John Davis was often busy lifting as a light-heavyweight but as time went on it becasme increasingly obvious that this could not continue indefinitely. 

In early 1940 Abele increased his competitive tempo by scoring a 941 total at Philadelphia with lifts of 280-296-365. H weighed 215 when he lifted. 

Shortly after this at the Middle Atlantic Championships Stanko, Abele and Davis lifted on the same platform. Stanko was 21 years old, Abele 20, and Davis 19. Steve was the winner, pressing 280, snatching 301 and clean and jerking 370 for a 950 lb. total. Only 10 pounds separated them, with Davis and Abele both totaling 940, Davis placing second by way of his lighter (197) bodyweight. 

On they day before the 1940 York Outdoor Exhibition Picnic Steve pressed 300, snatched 300, and clean and jerked 380. When doing the 380 he cleaned it once and made three repetition jerks from the shoulders.

In my scrapbook I have a remark on Steve from Bob Hoffman about that time, saying "He was so good at that period that he was able to commence with single lifts of 300-300-380." And he also said that he "had known Steve to elevate these poundages eight separate times during the course of one day." He has also curled 200 pounds and performed a pullover and press on bench of over 300.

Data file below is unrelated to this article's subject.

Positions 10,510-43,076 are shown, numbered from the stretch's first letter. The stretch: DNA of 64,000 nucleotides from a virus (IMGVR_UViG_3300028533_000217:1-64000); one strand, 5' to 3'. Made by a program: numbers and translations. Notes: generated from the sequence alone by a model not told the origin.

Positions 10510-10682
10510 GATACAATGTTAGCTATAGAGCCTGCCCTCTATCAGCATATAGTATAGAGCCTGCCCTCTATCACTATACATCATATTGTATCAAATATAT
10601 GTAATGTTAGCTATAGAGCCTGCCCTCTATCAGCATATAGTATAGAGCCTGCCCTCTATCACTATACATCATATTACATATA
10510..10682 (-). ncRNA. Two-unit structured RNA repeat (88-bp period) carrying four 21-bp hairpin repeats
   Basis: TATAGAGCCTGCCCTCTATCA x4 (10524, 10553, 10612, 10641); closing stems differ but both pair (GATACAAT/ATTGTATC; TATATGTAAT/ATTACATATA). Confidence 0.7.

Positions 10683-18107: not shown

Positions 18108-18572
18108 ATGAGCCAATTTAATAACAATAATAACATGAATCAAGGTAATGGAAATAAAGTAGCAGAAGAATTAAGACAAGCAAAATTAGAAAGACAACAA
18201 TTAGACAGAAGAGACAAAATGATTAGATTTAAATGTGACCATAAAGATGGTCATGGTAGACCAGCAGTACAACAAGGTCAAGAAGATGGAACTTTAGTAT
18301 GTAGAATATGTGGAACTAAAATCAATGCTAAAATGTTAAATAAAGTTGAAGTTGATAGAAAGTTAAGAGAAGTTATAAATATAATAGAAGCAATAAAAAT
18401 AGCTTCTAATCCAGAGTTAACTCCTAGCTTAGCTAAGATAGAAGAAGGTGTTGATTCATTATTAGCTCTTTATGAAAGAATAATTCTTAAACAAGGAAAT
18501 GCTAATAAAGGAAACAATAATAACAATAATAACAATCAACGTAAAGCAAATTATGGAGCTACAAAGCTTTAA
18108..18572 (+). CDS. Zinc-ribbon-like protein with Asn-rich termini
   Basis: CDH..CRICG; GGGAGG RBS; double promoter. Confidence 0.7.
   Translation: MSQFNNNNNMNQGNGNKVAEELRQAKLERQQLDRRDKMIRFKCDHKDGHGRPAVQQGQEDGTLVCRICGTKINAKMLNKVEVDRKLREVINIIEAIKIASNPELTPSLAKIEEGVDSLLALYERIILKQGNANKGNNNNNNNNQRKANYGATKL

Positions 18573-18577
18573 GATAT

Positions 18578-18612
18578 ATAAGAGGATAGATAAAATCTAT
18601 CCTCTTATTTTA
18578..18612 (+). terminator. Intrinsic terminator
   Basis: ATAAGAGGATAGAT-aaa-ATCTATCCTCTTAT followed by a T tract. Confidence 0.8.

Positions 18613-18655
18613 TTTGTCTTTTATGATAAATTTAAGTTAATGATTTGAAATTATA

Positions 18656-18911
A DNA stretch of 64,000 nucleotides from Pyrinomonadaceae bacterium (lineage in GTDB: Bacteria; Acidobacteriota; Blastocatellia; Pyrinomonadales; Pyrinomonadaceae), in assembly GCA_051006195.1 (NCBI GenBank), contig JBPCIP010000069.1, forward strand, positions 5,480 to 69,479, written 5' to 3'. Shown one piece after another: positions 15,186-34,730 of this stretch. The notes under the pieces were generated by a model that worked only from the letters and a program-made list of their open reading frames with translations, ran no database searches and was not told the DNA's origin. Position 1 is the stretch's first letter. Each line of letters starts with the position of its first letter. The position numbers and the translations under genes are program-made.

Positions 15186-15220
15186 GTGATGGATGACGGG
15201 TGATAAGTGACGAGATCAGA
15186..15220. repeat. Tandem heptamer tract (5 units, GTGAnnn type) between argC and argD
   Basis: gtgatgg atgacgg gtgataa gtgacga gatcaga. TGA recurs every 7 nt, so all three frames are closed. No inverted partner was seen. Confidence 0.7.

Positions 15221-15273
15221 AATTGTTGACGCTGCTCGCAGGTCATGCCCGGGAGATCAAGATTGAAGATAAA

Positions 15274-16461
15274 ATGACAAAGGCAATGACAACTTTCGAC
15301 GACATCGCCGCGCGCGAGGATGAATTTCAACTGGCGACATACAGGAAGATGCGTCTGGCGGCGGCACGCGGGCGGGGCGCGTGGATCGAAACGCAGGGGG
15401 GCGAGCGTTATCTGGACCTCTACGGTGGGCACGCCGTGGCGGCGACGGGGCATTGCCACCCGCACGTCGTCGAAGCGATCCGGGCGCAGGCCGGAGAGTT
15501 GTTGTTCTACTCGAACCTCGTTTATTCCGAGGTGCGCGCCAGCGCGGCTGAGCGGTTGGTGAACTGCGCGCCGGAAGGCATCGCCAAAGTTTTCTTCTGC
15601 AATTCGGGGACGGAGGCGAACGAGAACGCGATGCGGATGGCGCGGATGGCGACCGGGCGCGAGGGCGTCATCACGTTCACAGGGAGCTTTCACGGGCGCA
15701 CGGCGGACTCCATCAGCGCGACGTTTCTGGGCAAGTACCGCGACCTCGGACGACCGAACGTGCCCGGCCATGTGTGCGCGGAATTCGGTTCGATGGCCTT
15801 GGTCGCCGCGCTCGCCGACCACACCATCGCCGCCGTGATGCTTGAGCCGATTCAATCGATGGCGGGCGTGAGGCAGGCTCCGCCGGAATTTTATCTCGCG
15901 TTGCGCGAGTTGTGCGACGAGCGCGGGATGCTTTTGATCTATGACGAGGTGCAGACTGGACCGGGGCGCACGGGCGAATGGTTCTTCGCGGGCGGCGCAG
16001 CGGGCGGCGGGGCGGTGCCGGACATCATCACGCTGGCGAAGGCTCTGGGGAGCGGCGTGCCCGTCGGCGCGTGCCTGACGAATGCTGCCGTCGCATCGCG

Before the advent of lifters like Steve Stanko, the heavyweight ranks had been notable for an almost total lack of speed and precision. Men of huge bulk and ponderous movements had held sway for many years on International platforms . .  but the "modern school" has altered all that . . . thanks to men like Ronald Walker, Steve Stanko, John Davis, and more recently the phenomenal Norbert Schemansky. In some respects Schemansky reminds me very much of Steve. Both exhibit superlative style for heavyweights, and both have shown the public a blinding turn of speed and this is something which is very rarely encountered in men weighing around the 220 lb. mark.  

By September 1941 Steve Stanko was in real trouble due to his illness, and it was announced that it would be surprising if he was ever able to lift again. He was bedridden for several months and several surgeons attended him.

Before the final crash came, his love of lifting was so great that he tried to lift without any leg movements. He snatched 235 like this, and clean and jerked 340, and at Chattanooga on one occasion he clean and jerked 360 in the same manner.